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Meaning in Spinoza's Method
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  • Cited by 7
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    This book has been cited by the following publications. This list is generated based on data provided by CrossRef.

    Van Cauter, Jo 2016. Wisdom as a Meditation on Life: Spinoza on Bacon and Civil History. British Journal for the History of Philosophy, Vol. 24, Issue. 1, p. 88.


    Sangiacomo, Andrea 2015. Fixing Descartes: Ethical Intellectualism in Spinoza's Early Writings. The Southern Journal of Philosophy, Vol. 53, Issue. 3, p. 338.


    Selcer, Daniel 2014. Fromscientia operativatoscientia intuitiva: Producing particulars in Bacon and Spinoza. Intellectual History Review, Vol. 24, Issue. 1, p. 39.


    di Poppa, Francesca 2013. Wittgenstein and Spinoza on the logic of immanence. Metascience, Vol. 22, Issue. 2, p. 465.


    Kober, Gal 2013. For They Do Not Agree in Nature: Spinoza and Deep Ecology. Ethics and the Environment, Vol. 18, Issue. 1, p. 43.


    Garrett, Aaron 2012. Knowing the Essence of the State in Spinoza's Tractatus Theologico-Politicus. European Journal of Philosophy, Vol. 20, Issue. 1, p. 50.


    Duffy, Simon B. 2009. Spinoza Today: The Current State of Spinoza Scholarship. Intellectual History Review, Vol. 19, Issue. 1, p. 111.


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    Meaning in Spinoza's Method
    • Online ISBN: 9780511487194
    • Book DOI: https://doi.org/10.1017/CBO9780511487194
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Book description

Readers of Spinoza's philosophy have often been daunted, and sometimes been enchanted, by the geometrical method which he employs in his philosophical masterpiece the Ethics. In Meaning in Spinoza's Method Aaron Garrett examines this method and suggests that its purpose, in Spinoza's view, was not just to present claims and propositions but also in some sense to change the readers and allow them to look at themselves and the world in a different way. His discussion draws not only on Spinoza's works but also on those of the philosophers who influenced Spinoza most strongly, including Hobbes, Descartes, Maimonides and Gersonides. This controversial book will be of interest to historians of philosophy and to anyone interested in the relation between form and content in philosophical works.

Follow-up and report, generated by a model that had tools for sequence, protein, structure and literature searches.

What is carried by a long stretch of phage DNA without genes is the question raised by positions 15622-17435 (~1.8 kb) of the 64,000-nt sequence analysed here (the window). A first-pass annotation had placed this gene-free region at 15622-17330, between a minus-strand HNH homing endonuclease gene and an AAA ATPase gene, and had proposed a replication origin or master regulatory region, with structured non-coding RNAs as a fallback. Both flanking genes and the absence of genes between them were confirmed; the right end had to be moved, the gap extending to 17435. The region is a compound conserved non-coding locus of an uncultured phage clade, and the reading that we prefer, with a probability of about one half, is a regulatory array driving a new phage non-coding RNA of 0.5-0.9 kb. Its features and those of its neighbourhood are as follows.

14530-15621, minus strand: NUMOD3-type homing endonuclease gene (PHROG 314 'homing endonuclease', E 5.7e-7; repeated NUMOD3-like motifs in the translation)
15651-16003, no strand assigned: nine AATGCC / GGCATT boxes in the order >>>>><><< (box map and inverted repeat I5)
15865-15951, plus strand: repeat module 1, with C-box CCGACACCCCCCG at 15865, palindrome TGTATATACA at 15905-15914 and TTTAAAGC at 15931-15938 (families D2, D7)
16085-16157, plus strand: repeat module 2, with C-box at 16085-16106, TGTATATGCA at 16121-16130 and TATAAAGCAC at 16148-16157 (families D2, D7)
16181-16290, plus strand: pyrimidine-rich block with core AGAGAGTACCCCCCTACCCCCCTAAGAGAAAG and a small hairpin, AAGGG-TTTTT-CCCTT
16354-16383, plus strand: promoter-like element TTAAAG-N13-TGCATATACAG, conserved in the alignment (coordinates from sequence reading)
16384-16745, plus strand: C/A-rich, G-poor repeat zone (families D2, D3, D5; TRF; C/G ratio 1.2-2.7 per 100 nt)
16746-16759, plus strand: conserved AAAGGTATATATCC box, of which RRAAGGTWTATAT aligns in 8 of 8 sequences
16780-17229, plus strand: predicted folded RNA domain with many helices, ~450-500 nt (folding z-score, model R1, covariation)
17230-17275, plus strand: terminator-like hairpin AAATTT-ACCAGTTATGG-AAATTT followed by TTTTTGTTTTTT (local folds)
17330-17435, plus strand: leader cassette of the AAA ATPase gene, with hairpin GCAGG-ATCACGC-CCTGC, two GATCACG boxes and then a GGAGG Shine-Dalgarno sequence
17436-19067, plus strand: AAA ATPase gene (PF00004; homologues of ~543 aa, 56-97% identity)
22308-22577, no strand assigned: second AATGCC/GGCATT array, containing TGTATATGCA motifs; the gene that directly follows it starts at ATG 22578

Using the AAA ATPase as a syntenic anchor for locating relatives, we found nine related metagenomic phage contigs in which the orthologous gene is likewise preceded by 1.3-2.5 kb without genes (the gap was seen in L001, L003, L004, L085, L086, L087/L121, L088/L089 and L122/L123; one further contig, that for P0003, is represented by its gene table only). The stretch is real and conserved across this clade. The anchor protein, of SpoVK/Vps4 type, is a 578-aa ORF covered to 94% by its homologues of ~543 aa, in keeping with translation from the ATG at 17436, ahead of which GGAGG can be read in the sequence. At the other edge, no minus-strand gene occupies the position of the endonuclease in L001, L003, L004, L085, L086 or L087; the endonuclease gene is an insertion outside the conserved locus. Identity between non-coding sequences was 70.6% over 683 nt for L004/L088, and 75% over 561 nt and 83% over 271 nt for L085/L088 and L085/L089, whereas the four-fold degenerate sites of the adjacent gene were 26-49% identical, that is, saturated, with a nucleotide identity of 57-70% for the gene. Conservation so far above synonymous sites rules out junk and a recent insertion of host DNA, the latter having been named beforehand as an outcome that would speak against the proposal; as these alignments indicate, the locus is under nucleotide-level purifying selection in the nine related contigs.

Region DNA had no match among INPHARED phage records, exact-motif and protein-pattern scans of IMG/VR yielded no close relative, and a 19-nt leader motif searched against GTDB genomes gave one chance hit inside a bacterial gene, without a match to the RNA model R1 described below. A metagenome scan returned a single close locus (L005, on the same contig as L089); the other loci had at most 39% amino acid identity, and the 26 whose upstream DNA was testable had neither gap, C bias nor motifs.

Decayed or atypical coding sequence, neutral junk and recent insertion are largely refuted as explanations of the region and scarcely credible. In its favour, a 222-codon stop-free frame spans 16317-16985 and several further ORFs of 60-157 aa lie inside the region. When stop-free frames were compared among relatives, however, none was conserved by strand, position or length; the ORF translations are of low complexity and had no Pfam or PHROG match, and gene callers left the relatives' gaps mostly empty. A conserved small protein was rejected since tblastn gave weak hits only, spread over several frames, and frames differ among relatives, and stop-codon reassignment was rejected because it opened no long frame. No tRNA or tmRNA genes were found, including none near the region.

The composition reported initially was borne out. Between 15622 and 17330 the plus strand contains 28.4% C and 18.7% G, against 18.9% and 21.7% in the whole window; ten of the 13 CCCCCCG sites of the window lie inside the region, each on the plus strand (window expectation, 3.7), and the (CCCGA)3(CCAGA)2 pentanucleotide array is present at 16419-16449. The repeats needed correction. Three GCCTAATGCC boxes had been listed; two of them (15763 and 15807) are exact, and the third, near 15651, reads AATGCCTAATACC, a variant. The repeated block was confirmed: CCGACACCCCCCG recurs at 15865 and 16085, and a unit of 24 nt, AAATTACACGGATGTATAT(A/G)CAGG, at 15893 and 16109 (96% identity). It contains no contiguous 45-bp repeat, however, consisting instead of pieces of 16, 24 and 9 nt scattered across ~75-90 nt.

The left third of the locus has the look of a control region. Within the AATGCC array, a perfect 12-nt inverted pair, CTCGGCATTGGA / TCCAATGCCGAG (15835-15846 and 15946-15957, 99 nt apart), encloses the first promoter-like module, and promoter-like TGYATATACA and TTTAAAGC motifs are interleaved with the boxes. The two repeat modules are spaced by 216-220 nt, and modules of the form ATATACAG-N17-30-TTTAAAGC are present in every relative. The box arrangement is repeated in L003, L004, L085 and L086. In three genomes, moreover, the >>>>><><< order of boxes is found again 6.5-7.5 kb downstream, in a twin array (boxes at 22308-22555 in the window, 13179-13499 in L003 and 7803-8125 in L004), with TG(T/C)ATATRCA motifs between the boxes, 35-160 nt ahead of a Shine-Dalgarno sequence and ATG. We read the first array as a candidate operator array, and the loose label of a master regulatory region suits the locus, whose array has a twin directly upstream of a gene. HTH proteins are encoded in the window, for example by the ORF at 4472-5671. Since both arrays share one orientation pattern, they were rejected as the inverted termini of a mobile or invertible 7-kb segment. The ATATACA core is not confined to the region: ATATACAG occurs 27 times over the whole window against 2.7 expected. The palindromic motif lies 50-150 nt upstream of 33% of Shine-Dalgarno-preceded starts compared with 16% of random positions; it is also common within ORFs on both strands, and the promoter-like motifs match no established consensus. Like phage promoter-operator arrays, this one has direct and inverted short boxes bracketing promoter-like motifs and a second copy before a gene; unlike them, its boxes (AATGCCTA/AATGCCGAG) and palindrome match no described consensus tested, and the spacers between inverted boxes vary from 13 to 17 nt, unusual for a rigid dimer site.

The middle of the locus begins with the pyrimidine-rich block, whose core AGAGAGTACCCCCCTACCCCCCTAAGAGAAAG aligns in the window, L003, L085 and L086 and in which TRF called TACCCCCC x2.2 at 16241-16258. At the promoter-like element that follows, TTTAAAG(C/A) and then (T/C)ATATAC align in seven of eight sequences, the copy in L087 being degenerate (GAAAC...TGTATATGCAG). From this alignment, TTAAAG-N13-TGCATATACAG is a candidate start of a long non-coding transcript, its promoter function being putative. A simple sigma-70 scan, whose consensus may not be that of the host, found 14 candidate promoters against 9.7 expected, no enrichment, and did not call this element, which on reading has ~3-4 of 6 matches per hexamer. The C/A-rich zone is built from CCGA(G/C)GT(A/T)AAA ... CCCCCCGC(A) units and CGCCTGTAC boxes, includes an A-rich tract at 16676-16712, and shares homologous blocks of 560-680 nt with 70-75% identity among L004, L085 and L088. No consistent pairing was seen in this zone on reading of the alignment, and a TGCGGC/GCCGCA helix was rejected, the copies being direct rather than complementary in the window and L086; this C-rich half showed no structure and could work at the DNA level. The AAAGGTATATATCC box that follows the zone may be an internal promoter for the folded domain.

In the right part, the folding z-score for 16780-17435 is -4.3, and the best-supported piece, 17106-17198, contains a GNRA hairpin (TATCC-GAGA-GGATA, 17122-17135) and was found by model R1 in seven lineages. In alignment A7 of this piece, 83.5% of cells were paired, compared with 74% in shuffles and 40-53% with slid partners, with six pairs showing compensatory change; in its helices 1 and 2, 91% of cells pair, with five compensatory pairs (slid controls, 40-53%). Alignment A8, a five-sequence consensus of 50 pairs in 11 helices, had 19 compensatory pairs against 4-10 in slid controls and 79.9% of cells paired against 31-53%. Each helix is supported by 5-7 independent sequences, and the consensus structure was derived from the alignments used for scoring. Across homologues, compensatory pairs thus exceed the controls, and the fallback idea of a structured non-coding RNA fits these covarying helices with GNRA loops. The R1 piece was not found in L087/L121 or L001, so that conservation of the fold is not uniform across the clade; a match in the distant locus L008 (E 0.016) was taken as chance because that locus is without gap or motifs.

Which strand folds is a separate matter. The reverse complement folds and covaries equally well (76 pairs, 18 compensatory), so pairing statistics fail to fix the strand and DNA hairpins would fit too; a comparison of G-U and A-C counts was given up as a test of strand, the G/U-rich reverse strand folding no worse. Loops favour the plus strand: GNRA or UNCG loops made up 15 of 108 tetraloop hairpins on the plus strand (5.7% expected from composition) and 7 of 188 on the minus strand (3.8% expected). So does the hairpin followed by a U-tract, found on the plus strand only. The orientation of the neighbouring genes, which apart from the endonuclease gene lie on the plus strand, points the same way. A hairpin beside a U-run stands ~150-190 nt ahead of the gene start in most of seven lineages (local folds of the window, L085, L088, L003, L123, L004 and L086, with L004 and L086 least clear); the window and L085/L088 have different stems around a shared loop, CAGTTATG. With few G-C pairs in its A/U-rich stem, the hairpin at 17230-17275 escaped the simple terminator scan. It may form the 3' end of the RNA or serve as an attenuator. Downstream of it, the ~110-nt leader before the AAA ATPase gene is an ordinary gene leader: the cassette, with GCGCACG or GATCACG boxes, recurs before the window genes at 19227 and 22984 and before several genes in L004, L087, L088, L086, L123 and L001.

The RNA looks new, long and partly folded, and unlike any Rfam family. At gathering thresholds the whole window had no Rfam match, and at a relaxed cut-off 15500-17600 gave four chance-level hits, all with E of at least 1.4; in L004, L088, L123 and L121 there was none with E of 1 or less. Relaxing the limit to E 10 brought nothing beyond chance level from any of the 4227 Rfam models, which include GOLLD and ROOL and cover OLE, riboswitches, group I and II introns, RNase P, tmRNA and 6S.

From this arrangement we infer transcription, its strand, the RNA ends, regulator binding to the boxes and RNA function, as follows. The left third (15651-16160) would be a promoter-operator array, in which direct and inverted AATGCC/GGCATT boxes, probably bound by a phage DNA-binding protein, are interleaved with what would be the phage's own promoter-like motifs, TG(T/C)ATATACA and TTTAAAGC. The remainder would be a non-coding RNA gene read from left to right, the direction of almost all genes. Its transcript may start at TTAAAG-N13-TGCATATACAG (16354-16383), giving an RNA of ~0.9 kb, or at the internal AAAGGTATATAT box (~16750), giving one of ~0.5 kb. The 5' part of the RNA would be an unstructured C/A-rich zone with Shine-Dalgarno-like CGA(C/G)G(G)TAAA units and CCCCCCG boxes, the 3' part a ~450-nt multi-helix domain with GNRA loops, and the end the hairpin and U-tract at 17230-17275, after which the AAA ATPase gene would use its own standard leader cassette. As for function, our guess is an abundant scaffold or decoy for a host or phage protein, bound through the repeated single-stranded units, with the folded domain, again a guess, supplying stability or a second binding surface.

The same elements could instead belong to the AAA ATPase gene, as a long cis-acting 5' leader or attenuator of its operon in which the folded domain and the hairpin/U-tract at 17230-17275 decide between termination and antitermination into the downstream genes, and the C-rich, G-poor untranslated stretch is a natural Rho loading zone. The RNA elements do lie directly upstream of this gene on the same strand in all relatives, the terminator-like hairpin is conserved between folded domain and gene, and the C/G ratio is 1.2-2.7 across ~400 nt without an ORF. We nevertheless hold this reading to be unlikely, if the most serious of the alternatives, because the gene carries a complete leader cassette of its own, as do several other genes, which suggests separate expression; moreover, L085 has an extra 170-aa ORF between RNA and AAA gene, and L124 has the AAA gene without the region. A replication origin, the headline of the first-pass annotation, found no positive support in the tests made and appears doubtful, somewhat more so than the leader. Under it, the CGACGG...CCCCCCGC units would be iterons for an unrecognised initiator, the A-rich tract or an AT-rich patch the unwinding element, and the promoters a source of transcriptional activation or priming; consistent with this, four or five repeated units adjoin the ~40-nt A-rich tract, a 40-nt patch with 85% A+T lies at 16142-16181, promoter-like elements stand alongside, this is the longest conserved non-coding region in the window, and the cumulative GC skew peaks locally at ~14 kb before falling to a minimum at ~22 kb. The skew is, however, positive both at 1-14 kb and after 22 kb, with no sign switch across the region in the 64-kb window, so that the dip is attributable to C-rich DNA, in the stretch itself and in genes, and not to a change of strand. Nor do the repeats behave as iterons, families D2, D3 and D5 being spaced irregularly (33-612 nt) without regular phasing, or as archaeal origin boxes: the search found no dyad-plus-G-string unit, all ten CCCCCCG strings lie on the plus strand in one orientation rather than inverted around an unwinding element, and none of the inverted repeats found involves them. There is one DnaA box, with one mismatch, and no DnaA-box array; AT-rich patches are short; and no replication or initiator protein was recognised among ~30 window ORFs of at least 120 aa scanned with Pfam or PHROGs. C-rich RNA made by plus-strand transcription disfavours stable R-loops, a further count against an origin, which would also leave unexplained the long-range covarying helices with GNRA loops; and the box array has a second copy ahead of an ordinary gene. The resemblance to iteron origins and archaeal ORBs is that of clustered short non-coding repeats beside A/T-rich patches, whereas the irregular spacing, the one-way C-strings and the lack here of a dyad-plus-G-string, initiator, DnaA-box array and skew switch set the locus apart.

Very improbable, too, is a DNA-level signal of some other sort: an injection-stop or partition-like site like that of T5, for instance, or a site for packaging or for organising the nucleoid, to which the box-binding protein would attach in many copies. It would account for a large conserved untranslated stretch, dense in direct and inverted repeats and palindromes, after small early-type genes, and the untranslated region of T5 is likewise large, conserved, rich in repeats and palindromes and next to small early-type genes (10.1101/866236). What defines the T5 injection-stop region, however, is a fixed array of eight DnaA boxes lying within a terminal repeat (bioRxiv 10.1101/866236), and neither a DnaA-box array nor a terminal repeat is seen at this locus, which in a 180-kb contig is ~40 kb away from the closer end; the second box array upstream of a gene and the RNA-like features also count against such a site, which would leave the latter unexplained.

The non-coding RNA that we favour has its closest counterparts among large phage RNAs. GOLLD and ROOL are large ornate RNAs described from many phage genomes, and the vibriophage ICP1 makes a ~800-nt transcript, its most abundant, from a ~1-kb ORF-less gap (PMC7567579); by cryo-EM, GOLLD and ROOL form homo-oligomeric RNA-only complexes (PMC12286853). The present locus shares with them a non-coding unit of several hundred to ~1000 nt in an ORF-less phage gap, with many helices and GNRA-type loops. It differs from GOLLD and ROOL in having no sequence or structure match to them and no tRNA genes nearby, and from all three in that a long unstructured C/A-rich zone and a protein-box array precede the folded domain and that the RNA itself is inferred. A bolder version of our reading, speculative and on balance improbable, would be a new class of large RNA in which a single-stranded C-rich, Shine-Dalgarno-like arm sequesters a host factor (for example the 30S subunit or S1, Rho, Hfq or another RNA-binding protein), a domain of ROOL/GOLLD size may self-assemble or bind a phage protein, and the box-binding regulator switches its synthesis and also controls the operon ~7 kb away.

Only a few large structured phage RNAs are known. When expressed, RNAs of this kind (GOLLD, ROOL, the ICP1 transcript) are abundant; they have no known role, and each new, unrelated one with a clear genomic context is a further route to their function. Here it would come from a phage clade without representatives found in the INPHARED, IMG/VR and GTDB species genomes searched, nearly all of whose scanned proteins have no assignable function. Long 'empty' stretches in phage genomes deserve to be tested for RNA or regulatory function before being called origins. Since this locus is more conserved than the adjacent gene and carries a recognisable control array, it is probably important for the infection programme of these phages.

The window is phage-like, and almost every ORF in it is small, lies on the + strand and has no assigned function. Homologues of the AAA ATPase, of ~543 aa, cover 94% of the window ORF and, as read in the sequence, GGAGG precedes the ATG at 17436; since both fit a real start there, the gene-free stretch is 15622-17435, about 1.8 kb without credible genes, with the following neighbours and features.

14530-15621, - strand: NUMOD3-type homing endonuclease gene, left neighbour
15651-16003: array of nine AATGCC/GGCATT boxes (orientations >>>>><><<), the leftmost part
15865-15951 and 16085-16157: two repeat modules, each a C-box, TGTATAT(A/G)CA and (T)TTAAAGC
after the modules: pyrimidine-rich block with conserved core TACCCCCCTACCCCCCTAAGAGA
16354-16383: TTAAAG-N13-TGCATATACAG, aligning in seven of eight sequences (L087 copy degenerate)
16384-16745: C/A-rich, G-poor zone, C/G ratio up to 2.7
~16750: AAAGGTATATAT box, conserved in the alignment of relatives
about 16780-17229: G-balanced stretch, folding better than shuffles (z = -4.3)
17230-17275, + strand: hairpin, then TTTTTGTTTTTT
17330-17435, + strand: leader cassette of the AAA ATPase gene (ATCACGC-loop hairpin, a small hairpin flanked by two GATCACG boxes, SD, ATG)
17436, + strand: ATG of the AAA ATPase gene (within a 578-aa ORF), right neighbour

Reviews

‘… there are some very illuminating aspects of this book.’

Source: British Journal for the History of Philosophy

‘In his book, Meaning in Spinoza’s Method, Aaron Garrett’s guiding aim is to investigate the connections between method and content in Spinoza’s philosophy, and the results are stimulating and often surprising. … I would say that this book is the most sustained and historically illuminating treatment of Spinoza’s method of which I am aware. The range and depth of Garrett’s survey of philosophers who influenced or may have influenced Spinoza on method is very impressive. … [an] illuminating and fertile account of Spinoza’s method.‘

Source: Mind

‘For many readers, the most admirable thing about this admirable book will be its successful depiction of Spinozism as a brilliant synthesis of competing pressures in early modern thought.‘

Source: Journal of the History of Philosophy

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This list contains references from the content that can be linked to their source. For a full set of references and notes please see the PDF or HTML where available.


RogerAriew, , “The Infinite in Descartes' Conversation with Burman,” Archiv für Geschichte der Philosophie 69 (1987), 140–63

JoelFriedman, , “An Overview of Spinoza's Ethics,” Synthese 37:1 (1978), 67–106

CharlesJarrett, , “The Logical Structure of Spinoza's Ethics, Part I,” Synthese 37:1 (1978), 15–65

CharlesJarrett, Some Remarks on the ‘Objective’ and ‘Subjective’ Interpretations of the Attributes,” Inquiry, 20 (Winter 1977), 447–56

RichardMason, , “Spinoza on the Causality of Individuals,” Journal of the History of Philosophy, 24 (1986), 197–210

VanceMaxwell, , “The Philosophical Method of Spinoza,” Dialogue 27 (1988), 89–110

DianeSteinberg, , “Method and the Structure of Knowledge in Spinoza,” Pacific Philosophical Quarterly 79:2 (June 1998), 152–69